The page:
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ASSESSMENT & MANAGEMENT OF THE ACUTELY ILL INFANT OR CHILD

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When faced with a seriously ill or injured child, a systematic approach and rapid determination of the child's physiologic status with concurrent initiation of resuscitative measures is imperative. Initial management must be directed at correcting any physiologic derangement. Specifically, one must evaluate the airway for any obstruction, assess ventilatory status, and evaluate for shock. Intervention to correct any abnormalities in these three parameters must be undertaken immediately. Following this initial intervention, the provider must then carefully consider the underlying cause, focusing on those that are treatable or reversible. Specific diagnoses can then be made, and targeted therapy (eg, intravenous [IV] glucose for hypoglycemia) can be initiated.

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Pediatric cardiac arrest more frequently represents progressive respiratory deterioration or shock, also called asphyxial arrest, rather than primary cardiac etiologies. Unrecognized deterioration may lead to bradycardia, agonal breathing, hypotension, and ultimately asystole. Resulting hypoxic and ischemic insult to the brain and other vital organs make neurologic recovery extremely unlikely, even in the doubtful event that the child survives the arrest. Children who respond to rapid intervention with ventilation and oxygenation alone or to less than 5 minutes of advanced life support are much more likely to survive neurologically intact. In fact, more than 70% of children with respiratory arrest who receive rapid and effective bystander resuscitation survive with good neurologic outcomes. Therefore, it is essential to recognize the child who is at risk for progressing to cardiopulmonary arrest and to provide aggressive intervention before asystole occurs.

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When cardiopulmonary arrest does occur, survival is rare and most often associated with significant neurological impairment. Current data reflect a 6% survival rate for out-of-hospital cardiac arrest, 8% for those who receive prehospital intervention, and 27% survival rate for in-hospital arrest.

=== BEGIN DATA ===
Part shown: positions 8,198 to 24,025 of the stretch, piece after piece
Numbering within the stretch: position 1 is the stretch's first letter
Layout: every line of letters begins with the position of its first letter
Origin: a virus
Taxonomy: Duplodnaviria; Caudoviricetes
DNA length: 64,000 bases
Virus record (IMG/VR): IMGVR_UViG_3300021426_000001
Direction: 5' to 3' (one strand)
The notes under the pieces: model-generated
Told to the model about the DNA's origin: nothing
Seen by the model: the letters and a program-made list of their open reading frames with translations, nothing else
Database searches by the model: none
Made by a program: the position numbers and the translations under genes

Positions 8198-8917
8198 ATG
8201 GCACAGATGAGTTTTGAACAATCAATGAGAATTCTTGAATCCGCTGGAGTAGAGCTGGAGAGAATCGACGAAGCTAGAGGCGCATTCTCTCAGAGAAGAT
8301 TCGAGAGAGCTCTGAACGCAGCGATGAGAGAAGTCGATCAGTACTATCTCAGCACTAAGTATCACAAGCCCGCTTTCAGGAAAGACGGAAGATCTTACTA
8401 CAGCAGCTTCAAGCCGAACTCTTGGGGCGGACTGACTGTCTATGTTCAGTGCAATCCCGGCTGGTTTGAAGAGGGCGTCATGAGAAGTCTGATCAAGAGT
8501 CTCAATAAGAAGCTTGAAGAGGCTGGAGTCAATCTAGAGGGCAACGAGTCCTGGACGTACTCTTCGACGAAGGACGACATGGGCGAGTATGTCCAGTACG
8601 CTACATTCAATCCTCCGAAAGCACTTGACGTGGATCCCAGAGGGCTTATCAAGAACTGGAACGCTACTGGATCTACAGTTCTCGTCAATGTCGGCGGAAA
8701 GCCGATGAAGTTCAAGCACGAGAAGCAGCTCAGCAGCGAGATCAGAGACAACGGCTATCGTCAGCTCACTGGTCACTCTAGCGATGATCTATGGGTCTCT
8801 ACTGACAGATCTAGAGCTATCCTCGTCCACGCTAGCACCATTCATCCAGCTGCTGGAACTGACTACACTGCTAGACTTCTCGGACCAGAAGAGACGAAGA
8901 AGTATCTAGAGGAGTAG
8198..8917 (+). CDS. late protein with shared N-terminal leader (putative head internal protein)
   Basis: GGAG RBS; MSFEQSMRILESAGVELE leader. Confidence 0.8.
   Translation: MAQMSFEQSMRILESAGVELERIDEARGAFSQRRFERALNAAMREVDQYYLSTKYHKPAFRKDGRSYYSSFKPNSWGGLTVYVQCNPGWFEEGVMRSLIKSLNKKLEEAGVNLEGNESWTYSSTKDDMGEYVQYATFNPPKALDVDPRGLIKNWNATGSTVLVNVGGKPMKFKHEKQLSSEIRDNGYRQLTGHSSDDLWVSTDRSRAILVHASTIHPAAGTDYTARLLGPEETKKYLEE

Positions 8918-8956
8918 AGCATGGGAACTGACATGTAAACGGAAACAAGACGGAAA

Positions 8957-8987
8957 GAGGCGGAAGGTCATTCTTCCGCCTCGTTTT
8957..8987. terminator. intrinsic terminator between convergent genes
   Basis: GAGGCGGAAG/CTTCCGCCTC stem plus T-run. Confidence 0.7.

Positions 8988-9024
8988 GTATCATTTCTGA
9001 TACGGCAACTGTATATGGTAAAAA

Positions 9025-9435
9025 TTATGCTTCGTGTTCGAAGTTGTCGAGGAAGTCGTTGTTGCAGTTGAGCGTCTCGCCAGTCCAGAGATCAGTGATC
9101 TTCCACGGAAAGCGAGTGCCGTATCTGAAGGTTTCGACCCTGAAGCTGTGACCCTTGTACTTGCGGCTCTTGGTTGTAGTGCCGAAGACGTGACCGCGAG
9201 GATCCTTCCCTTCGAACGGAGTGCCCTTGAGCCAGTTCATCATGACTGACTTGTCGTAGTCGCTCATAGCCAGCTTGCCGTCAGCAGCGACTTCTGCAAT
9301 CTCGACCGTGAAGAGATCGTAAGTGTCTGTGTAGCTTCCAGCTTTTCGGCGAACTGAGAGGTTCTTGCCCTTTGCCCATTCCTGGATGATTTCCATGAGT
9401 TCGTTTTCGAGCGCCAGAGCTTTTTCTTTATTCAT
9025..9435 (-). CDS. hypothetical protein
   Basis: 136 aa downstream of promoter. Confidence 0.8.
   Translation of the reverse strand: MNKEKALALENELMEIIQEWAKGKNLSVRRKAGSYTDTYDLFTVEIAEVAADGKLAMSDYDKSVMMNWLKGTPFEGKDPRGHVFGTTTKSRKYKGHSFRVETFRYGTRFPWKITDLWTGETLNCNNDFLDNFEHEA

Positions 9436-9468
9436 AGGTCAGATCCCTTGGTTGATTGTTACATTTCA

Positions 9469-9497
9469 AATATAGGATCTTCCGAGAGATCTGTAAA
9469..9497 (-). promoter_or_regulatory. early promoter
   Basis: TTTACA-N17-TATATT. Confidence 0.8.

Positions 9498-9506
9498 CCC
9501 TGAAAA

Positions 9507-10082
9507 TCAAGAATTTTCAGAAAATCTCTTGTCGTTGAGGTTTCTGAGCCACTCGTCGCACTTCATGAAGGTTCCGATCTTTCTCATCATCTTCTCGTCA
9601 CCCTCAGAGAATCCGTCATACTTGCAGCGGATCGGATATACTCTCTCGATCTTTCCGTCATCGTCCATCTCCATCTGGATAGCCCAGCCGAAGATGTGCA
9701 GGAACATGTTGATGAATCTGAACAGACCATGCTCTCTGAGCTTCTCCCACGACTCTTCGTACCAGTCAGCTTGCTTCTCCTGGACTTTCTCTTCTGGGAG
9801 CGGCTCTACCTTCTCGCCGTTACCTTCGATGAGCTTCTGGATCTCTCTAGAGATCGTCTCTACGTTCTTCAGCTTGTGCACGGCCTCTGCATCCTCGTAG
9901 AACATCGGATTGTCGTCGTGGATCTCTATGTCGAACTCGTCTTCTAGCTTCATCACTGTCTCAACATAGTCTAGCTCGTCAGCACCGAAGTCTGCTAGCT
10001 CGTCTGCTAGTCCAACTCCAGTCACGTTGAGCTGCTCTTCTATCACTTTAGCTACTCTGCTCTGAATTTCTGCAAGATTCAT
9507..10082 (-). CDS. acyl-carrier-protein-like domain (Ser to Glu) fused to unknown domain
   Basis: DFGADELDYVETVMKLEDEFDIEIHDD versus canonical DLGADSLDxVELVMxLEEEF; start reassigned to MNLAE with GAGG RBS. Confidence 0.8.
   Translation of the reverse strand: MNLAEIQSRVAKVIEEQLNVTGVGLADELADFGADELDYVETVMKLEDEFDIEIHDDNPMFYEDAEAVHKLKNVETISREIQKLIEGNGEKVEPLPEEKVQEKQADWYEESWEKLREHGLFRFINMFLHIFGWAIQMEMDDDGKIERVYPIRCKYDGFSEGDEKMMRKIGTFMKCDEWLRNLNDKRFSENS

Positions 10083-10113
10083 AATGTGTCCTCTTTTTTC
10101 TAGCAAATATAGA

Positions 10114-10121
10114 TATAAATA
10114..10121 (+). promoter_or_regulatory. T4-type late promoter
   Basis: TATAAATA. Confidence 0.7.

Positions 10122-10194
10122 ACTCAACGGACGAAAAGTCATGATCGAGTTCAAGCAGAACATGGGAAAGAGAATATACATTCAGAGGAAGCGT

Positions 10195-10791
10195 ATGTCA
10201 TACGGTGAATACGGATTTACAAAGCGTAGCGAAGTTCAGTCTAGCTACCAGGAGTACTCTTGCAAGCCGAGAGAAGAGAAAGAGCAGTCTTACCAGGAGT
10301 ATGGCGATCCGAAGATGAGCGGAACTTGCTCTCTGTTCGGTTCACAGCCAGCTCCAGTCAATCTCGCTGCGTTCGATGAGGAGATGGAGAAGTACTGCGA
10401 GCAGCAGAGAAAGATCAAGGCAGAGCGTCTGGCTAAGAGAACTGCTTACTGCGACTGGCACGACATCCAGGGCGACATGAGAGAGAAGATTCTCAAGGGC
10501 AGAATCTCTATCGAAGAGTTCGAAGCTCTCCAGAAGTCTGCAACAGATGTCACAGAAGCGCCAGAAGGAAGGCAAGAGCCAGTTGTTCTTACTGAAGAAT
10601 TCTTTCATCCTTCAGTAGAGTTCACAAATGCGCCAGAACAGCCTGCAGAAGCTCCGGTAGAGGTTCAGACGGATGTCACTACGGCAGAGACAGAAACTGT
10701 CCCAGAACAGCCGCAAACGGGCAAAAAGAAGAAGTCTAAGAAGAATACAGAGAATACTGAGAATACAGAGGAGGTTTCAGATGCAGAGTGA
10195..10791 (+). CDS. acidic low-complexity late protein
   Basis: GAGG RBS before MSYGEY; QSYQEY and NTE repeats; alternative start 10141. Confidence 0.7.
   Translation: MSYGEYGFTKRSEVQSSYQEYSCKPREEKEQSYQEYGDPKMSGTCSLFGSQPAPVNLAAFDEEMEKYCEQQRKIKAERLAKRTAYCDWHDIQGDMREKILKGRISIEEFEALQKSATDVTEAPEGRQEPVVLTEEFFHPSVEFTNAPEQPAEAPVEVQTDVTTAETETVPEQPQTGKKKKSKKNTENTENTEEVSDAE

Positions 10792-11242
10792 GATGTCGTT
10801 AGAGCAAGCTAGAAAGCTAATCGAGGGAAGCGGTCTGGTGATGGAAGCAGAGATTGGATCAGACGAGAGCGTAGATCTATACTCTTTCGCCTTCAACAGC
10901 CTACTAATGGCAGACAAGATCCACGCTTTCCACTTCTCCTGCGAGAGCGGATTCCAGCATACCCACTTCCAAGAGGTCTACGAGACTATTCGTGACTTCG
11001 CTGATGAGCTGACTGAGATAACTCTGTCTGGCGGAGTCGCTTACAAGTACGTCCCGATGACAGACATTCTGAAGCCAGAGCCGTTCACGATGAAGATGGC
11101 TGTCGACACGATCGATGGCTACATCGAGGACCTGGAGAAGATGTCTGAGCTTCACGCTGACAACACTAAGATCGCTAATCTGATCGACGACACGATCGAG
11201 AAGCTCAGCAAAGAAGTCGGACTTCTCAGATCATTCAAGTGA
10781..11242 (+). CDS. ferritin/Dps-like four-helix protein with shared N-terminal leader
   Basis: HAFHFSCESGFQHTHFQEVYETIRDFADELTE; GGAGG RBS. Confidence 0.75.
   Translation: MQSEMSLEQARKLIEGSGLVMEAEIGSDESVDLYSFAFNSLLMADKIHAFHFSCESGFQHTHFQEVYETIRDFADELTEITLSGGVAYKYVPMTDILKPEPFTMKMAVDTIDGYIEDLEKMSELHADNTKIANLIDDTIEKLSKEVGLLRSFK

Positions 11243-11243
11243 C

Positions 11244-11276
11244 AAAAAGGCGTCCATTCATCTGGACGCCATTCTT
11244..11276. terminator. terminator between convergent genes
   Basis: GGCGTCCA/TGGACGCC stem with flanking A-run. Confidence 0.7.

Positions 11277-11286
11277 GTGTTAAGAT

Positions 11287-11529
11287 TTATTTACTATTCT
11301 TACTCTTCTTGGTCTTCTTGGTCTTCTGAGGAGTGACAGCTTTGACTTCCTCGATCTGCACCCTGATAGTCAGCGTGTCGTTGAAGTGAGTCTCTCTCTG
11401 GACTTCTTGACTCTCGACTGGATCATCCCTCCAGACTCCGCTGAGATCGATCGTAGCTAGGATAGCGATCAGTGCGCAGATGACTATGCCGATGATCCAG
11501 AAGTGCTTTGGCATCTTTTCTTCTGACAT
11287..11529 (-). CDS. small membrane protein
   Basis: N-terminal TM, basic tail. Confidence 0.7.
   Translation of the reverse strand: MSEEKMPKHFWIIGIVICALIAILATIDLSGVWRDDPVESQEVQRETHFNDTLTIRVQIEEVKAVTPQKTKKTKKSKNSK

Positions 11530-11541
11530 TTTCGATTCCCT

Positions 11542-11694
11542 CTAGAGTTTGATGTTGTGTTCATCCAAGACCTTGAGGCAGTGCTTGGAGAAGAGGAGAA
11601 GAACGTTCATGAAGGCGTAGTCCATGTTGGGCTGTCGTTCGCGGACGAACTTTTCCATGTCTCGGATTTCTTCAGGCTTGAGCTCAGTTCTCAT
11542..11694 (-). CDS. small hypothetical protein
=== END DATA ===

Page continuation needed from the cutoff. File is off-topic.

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The following discussion details care of the critically ill pediatric patient who does not require cardiopulmonary resuscitation (CPR). Detailed information regarding the 2010 Guidelines for Pediatric Basic (BLS) and Advanced Life Support (PALS) can be found under Statements & Guidelines at http://myamericanheart.org/professional. Note: Standard precautions (personal protective equipment) must be maintained during resuscitation efforts.

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THE ABCs OF RESUSCITATION

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Any severely ill child should be rapidly evaluated in a deliberate sequence of airway patency, breathing adequacy, and circulation integrity. Derangement at each point must be corrected before proceeding. Thus, if a child's airway is obstructed, the airway must be opened (eg, by head positioning and the chin lift maneuver) before breathing and circulation are assessed.

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Airway
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Look for evidence of spontaneous breathing effort. Adventitious breath sounds such as stridor, stertor, or gurgling, or increased work of breathing without air movement is suggestive of airway obstruction. Significant airway obstruction often is associated with altered level of consciousness, including agitation or lethargy. During this rapid assessment, if the patient is noted to be apneic or ...

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